Posted Date: April 23, 2014

Detroit ace Max Scherzer is the cover star for the April 28 issue of Sports Illustrated

Max Scherzer, Sports Illustrated cover

Max scherzer on cover of SI

Why would a man turn down $144 million at the peak of his career? That’s the question Albert Chen asked Max Scherzer, who rejected a lucrative multi-year extension offer from the Detroit Tigers before the start of the season. The defending Cy Young winner, who broke out in 2012, is placing a big bet on himself that, as good as he was last year, he can be even better in 2014 and beyond.

In his profile, Chen takes a look at the 30-year-old Scherzer’s background and the moment that Detroit’s ace learned what he felt was a powerful secret to help him dominate hitters. Along the way, Scherzer developed from a potential middle-of-the-rotation starter into one of baseball’s best, thanks in large part to the emergence of a curveball that’s helped him rip through opposing lineups. Scherzer talks his pitching philosophy, his usage of advanced statistics, and what he’s learned from other pitchers around the league. Finally, Chen attempts to answer the question as to whether or not Scherzer’s gamble will pay off, or whether he’s taken a bad bet on himself.

This week’s issue also includes a short piece from Joe Sheehan on the changing role of the ace starter and the decreased workload that starting pitchers now face, and whether it’s worth it to give nine figures to get fewer innings from your best pitcher.

Posted Date: April 23, 2014

Jacoby Ellsbury makes triumphant return to Fenway Park in Yankees win

Boston Red Sox, Jacoby Ellsbury, New York Yankees
Jacoby Ellsbury

Jacoby Ellsbury was booed in his first plate appearance as a visitor at Fenway park. (Elise Amendola/AP)

After nine years, 3,200-plus plate appearances and two World Series titles with the Red Sox, Jacoby Ellsbury returned to Boston as a villain. On Tuesday night, Ellsbury dug into the batters box at Fenway Park wearing the road grays of the New York Yankees, earning a healthy round of boos from Red Sox fans as the two teams opened a three-game series. But Ellsbury didn’t let the boos faze him. Instead, the 30-year-old centerfielder and former first-round pick of the Sox tormented his old team, lashing two extra-base hits and driving in a pair of runs to key New York’s 9-3 win over Boston.

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Posted Date: April 23, 2014

Jose Fernandez brilliant again in 14-strikeout performance vs. Braves

Jose Fernandez, Miami Marlins
Jose Fernandez

Jose Fernandez came within an inning of his first career shutout on Tuesday. (John Bazemore/AP)

At some point, you run out of superlatives for Jose Fernandez, which is a frightening thought given that Tuesday night’s start against Atlanta was just the 33rd of his major league career. Nonetheless, age and experience clearly aren’t a factor for the Marlins’ electric right-hander, who thoroughly dominated the Braves on the road in a 1-0 Miami win. Fernandez racked up a career-high 14 strikeouts over eight scoreless innings, allowing just three hits and no walks, in one of the best performances of the young season.

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Posted Date: April 23, 2014

Watch: Albert Pujols makes history with 500th career home run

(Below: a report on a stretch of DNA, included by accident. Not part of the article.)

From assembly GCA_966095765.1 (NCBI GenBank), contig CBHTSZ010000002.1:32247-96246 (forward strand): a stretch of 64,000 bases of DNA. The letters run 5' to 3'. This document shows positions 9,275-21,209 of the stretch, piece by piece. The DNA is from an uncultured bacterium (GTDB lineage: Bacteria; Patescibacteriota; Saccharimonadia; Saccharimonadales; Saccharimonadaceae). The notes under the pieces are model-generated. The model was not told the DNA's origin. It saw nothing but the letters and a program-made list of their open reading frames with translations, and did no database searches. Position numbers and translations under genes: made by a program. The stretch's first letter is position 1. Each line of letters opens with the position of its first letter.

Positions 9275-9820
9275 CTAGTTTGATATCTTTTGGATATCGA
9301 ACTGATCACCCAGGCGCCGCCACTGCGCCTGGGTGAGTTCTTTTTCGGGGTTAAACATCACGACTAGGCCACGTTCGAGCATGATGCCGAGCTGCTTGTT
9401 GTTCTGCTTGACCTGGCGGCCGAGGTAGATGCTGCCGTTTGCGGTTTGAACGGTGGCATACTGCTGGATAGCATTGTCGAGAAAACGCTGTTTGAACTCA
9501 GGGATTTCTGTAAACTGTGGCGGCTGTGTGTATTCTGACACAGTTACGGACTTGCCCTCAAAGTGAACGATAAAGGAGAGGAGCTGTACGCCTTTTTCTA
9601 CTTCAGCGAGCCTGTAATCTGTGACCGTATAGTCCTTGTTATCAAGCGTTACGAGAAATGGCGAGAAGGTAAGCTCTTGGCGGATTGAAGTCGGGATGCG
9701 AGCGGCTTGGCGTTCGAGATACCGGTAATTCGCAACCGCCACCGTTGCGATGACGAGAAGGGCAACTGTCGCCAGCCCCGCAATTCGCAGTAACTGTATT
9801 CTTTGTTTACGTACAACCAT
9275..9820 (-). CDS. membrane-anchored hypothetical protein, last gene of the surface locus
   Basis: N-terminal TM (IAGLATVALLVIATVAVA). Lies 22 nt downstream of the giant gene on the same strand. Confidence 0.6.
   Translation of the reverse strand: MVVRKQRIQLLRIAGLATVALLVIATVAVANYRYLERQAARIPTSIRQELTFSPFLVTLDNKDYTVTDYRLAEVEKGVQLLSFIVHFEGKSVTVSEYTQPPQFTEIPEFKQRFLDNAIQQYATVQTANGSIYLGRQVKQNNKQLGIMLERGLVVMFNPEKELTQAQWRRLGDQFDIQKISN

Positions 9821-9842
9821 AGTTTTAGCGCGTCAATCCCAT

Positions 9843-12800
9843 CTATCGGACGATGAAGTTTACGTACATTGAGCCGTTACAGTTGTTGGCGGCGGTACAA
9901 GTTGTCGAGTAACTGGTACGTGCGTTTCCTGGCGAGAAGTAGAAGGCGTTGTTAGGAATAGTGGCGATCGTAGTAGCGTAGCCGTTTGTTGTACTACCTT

Albert Pujols, Los Angeles Angels of Anaheim

Albert Pujols is now a member of one of baseball’s most exclusive clubs. With a pair of home runs against Washington in Los Angeles’ 7-2 win, Pujols became just the 26th player in baseball history to reach 500 career homers. Pujols is the first player to hit his 499th and 500th career homers in the same game, the first player since Gary Sheffield in 2009 to hit 500 career homers, and joins Alex Rodriguez as the only active players in baseball to be a part of that group. Continue Reading

Posted Date: April 23, 2014

Ivy, brick walls and pennant flags: Celebrating 100 years of Wrigley Field

Chicago Cubs, Wrigley Field
Wrigley Field in September 2013 (Photo by Jonathan Daniel/Getty Images).

Wrigley Field in September 2013 (Photo by Jonathan Daniel/Getty Images).

Wood can burn, but brick, concrete and steel beams do not. And in 1914, fire was a big deal, especially in Chicago.

When Charles Weeghman, owner of the Chicago Federals, called architect Zachary Taylor Davis in 1914, flammability was foremost on his mind. Weeghman was looking for a new venue for his new team in its new league, and Davis was well known for designing Chicago’s other baseball stadium, Comiskey Park, which had been built without the extensive use of fire-happy wood. For Weegham, the goal was to create a stadium that would last, at least for longer than a few years. So the new baseball stadium at the corner of Addison and Sheffield streets in north Chicago served as the emergence of a baseball stadium design trend, at least in Chicago.

Located on a former Lutheran seminary site, the park took just eight weeks to construct and only $250,000 in cash (roughly $5.8 million in today’s money), even as crews brought in 4,000 yards of soil and planted four acres of bluegrass. Housing the Federal League’s Chicago team for two years — known in 1914 as the Federals and in 1915 as the Whales — what was christened as Weeghman Park became Wrigley Field, the eventual home of the Chicago Cubs. On Wednesday, Weeghman and Davis’ construction celebrates 100 years of existence, making it the second oldest professional sporting venue in North America (Fenway Park is its elder by two years). In that century, it has become arguably one of the best-known sports facilities in the United States, if not the world.

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